Finally, the Summer Undergraduate Research Program at Emory (SURE), established in 1990, has served over 1660 students (30% UR). SURE program participants reported significant learning gains in scientific-focused ethics and laboratory skills and increases in their interest in pursuing an MD/PhD degree or PhD in a scientific field.
In conclusion, we report on the use of early interventions and research programs to aid students in successfully completing a degree in the STEM disciplines. In a recent survey of alumni who have completed their undergraduate academic degree and participated in one or more of these early interventions report 81% are employed in a STEM career (n=145), with 58% of respondents currently participating in scientific research, 81% are satisfied with their position and over 80% plan to remain in a STEM career over the next 10 years. These data show the clear value of these early academic and research events that fosters identity student as a scientist, academic success and graduate school entry.
Closing the Social Class Achievement Gap in Undergraduate Biology Courses with Values Affirmation Interventions
Yoi Tibbetts, Elizabeth Canning, and Judith Harackiewicz—all of University of Wisconsin-Madison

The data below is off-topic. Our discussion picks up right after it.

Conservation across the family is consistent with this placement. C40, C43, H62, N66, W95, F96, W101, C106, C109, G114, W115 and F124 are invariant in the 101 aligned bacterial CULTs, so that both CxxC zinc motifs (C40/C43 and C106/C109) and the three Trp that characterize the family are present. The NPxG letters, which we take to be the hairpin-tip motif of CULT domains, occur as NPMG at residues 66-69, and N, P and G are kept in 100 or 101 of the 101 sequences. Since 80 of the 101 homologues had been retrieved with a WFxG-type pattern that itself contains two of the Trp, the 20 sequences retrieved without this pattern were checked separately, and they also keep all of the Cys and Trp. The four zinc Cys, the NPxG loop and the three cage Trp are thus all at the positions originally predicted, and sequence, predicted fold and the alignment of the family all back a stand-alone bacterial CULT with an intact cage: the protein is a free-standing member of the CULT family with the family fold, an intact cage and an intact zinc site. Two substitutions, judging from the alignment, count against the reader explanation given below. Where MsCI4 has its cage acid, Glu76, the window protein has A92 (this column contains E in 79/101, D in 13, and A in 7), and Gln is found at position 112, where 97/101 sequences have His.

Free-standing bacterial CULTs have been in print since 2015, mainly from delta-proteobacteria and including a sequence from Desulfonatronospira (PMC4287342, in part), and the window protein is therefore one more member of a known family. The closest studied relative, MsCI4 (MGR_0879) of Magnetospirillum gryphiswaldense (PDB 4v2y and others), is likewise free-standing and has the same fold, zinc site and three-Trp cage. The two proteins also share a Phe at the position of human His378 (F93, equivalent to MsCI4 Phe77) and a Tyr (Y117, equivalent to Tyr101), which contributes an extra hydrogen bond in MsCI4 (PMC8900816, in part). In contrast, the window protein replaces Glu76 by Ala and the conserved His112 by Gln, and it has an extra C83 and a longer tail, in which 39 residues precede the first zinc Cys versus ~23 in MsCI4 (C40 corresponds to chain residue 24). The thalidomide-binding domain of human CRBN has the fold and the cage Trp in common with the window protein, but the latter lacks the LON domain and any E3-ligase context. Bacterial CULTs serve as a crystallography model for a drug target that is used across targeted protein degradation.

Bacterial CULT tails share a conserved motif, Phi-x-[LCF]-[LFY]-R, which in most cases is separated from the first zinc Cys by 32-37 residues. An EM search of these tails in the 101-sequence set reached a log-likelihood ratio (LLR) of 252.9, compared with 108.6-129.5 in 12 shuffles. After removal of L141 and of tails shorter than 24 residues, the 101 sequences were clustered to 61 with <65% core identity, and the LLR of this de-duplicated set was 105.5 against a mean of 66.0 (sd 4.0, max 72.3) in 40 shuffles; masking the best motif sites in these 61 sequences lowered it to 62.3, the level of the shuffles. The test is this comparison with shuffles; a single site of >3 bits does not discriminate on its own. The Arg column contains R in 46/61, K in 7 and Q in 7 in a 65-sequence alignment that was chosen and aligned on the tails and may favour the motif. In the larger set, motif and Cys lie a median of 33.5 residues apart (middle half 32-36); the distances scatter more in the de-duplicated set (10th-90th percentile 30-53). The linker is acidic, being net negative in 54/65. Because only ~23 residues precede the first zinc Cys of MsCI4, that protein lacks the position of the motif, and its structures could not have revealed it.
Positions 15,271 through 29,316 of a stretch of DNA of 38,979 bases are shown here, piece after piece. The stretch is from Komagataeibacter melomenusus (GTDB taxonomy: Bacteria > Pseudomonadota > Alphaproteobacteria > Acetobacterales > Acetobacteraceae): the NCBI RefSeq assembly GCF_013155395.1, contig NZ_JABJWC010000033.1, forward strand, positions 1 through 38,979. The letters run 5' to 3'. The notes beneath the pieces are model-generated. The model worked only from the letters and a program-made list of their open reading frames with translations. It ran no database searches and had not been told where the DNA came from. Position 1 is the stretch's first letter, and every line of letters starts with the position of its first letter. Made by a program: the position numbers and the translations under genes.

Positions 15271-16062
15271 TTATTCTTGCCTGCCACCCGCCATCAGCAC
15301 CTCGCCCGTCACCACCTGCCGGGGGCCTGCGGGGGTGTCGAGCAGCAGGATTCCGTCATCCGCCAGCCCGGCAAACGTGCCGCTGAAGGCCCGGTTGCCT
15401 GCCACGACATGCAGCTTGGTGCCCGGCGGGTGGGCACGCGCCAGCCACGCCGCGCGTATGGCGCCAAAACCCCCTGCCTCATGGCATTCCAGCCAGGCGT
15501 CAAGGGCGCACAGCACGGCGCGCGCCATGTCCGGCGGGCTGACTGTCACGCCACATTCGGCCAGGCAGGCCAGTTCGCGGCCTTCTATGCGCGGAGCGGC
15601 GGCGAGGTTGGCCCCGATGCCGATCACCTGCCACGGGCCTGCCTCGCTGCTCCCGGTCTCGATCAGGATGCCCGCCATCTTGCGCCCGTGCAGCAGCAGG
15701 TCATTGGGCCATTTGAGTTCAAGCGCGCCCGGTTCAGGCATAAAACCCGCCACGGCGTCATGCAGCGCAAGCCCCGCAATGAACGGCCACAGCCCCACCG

Objective: We will discuss intervention research designed to improve performance and persistence for first-generation students who typically struggle in undergraduate biology courses. We investigate the mechanisms through which values affirmation interventions may help first-generation college students achieve a greater sense of belonging in college courses, perform better, and continue in the field of biology.
Theoretical framework: Achievement gaps for underrepresented ethnic minority and low SES students are prevalent in American education, and it is critically important to develop interventions to close these gaps. Recently, a series of randomized field experiments has produced striking effects on student motivation and achievement. The values affirmation intervention, in which students reflect on important personal values, is a brief exercise integrated into classroom curriculum that has led to significant effects on academic performance (Cohen et al., 2006; Miyake et al., 2010). This social psychological intervention has proven to be particularly effective for minority students and for women in physics, but no prior research has attempted to close the gap for first-generation students, a population that accounts for nearly a fifth of college students. When first-generation students write about their most important values, they may bolster themselves against perceived identity threats, whether those threats are due to stereotypes about their group or a mismatch between personal and institutional norms/values. Indeed, recent research suggests that values-affirmation interventions promote a sense of social belonging or academic fit and this may be particularly effective for first-generation students who endorse more interdependent motives for attending college and who may experience a lower sense of academic belonging. Focusing on important values may help first-generation students cope with stress and uncertainty about their background, and promote more effective performance in classes.